Last week, I was under water, filming our Drill of the Week. The pool was pretty empty because the usual inhabitants were taking a day off after their annual swim across the Chesapeake Bay. Empty equals quiet not only above the water but also below.
When I film in a public pool, I like to make sure that I donï¿½t get in anyoneï¿½s way. On this particular day, I figured I was in the clear. We were positioned near the non-lanelined deep end. There was only one swimmer there — a gentleman in green goggles whom I say hello to just about every morning. I knew I wouldnï¿½t have too much trouble staying out of his way, so I proceeded to go under to film my subject.
I was so focused on filming my swimmer that at first the sound didn’t even register. But there it was again…coming from behind me. I turned and saw the man in the green goggles swimming past me. The sound was coming from him, but it wasn’t splashy "swimming" noises. He was singing under water. He’d take a breath…then sing. Take a breath…then sing. I had seen him swim many times from on deck, but had never really taken notice, simply because heï¿½s not the typical subject for a swim-technique website. Also, he never appeared to need help with his technique because he always seemed so happy to be swimming. And certainly I’d never been UNDER the surface when he was swimming.
Over the years, there have been numerous posts to this website about how to stop water from going up your nose when swimming. The standard advice is to hum, but this swimmer has found something even better. His solution made me think of my good friend Pierre Gruneberg, who taught me how to work with people to overcome their fear of the water. In his materials, Pierre talks about singing in the water. I always assumed it was just a thought process. This man really does it.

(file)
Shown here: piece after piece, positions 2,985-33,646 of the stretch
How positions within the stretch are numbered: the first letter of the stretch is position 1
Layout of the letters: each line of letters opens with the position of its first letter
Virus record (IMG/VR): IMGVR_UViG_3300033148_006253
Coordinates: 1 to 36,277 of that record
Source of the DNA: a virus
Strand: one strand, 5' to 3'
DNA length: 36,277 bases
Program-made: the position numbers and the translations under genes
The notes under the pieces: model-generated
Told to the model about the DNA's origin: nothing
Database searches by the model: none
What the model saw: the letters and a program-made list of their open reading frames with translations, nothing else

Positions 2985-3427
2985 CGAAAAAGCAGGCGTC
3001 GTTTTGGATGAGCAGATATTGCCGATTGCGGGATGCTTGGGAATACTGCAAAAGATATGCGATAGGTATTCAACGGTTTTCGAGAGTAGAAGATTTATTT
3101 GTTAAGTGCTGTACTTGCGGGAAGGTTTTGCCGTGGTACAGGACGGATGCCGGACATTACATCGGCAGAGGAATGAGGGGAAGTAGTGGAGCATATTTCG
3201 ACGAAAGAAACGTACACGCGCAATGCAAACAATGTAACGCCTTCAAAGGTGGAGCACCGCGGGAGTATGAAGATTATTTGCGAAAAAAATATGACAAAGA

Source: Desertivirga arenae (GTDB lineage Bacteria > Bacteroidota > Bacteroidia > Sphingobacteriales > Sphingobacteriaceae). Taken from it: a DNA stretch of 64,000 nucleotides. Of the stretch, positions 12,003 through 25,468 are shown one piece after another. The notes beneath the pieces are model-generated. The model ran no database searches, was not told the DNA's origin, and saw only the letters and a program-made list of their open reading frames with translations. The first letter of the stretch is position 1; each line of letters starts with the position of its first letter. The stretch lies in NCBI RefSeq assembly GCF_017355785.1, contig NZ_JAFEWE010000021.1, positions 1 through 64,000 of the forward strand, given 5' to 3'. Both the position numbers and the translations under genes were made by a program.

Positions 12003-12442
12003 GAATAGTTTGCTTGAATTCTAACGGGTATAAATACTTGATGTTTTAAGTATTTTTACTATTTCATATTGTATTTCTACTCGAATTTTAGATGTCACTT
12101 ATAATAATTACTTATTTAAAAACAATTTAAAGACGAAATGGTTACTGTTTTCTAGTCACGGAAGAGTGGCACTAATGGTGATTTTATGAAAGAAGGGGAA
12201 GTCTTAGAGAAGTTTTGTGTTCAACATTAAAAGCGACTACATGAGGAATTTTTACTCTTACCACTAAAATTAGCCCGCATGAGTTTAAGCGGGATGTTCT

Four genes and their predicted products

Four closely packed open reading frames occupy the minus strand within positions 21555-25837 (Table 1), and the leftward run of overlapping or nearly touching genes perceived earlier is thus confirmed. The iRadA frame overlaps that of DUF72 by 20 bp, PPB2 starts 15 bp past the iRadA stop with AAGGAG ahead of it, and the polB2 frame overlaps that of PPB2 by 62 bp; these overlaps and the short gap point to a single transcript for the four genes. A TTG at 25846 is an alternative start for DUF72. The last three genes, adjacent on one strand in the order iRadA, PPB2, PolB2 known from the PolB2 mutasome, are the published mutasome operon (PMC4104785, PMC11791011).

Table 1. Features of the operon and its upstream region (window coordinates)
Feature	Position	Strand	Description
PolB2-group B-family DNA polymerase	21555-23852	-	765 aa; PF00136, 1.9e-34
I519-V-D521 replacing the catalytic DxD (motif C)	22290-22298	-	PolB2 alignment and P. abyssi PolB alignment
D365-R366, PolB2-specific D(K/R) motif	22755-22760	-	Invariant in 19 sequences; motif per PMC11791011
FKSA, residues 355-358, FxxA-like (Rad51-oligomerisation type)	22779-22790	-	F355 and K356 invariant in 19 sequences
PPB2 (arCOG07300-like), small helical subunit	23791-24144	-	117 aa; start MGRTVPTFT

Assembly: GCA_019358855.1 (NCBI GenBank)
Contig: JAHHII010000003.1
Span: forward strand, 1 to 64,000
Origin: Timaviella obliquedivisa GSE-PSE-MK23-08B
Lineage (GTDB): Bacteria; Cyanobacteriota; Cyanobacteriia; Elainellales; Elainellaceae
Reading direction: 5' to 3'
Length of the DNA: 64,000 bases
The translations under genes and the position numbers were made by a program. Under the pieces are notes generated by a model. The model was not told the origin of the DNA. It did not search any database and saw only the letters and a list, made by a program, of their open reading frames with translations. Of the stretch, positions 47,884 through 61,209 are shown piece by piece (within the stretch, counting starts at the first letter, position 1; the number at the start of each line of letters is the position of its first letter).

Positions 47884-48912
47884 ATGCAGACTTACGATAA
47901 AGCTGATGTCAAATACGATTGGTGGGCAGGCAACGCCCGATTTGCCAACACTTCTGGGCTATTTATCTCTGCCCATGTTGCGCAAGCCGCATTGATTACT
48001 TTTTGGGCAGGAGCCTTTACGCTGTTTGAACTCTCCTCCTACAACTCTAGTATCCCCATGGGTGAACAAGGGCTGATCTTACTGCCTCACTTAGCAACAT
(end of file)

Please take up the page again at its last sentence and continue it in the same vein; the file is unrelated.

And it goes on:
While this is not our usual Drill of the Week, it incorporates SO much of what we try to get across, and I thought maybe it was time to step back a bit, and remember whatï¿½s important about our sport, rather than being concerned only with HOW FAST.
When we start to swim as young people, we do it for one reason… because itï¿½s fun. If we decide to venture into competitive swimming, we often lose sight of the fun part, and focus too much on all the small fine points. While Iï¿½ve not lost sight of what it is we try to do here, I really needed this reminder of the simplicity of swimming — the sheer joy of just being in the water. No worries about intervals, streamlining, head or body position. No concern for breathing patterns, pull patterns, kick rates. No fretting over whoï¿½s in the next lane and if youï¿½re going to beat them or not. Just simply swimming back and forth, and forgetting your troubles and cares. Truly enjoying the water.
This Drill of the Week, as unconventional as it is, asks you to simply take some time and experience the water. If youï¿½re a young competitive swimmer, head to a local pool and play. If youï¿½re a Masters swimmer, close your eyes and feel the water. If youï¿½re a fitness swimmer, enjoy how the water calms and supports you after a hectic day at the office or at home.
There is no process to this week’s DOTW. There are no steps. There is no instruction to get right or wrong. This week’s drill is a simple call to enjoy the water, to take a cue from our demonstrator. Oh, and when you watch the video… crank it up!
When I asked this swimmer if I could film him, he said that he never really knew he was doing it (the singing). Says he just gets lost in his swimming, and relaxes. To me, his approach was incredibly refreshing, and actually a pretty moving surprise. This most unlikely of heros made me remember what swimming is all about. Thank you, Chin-San.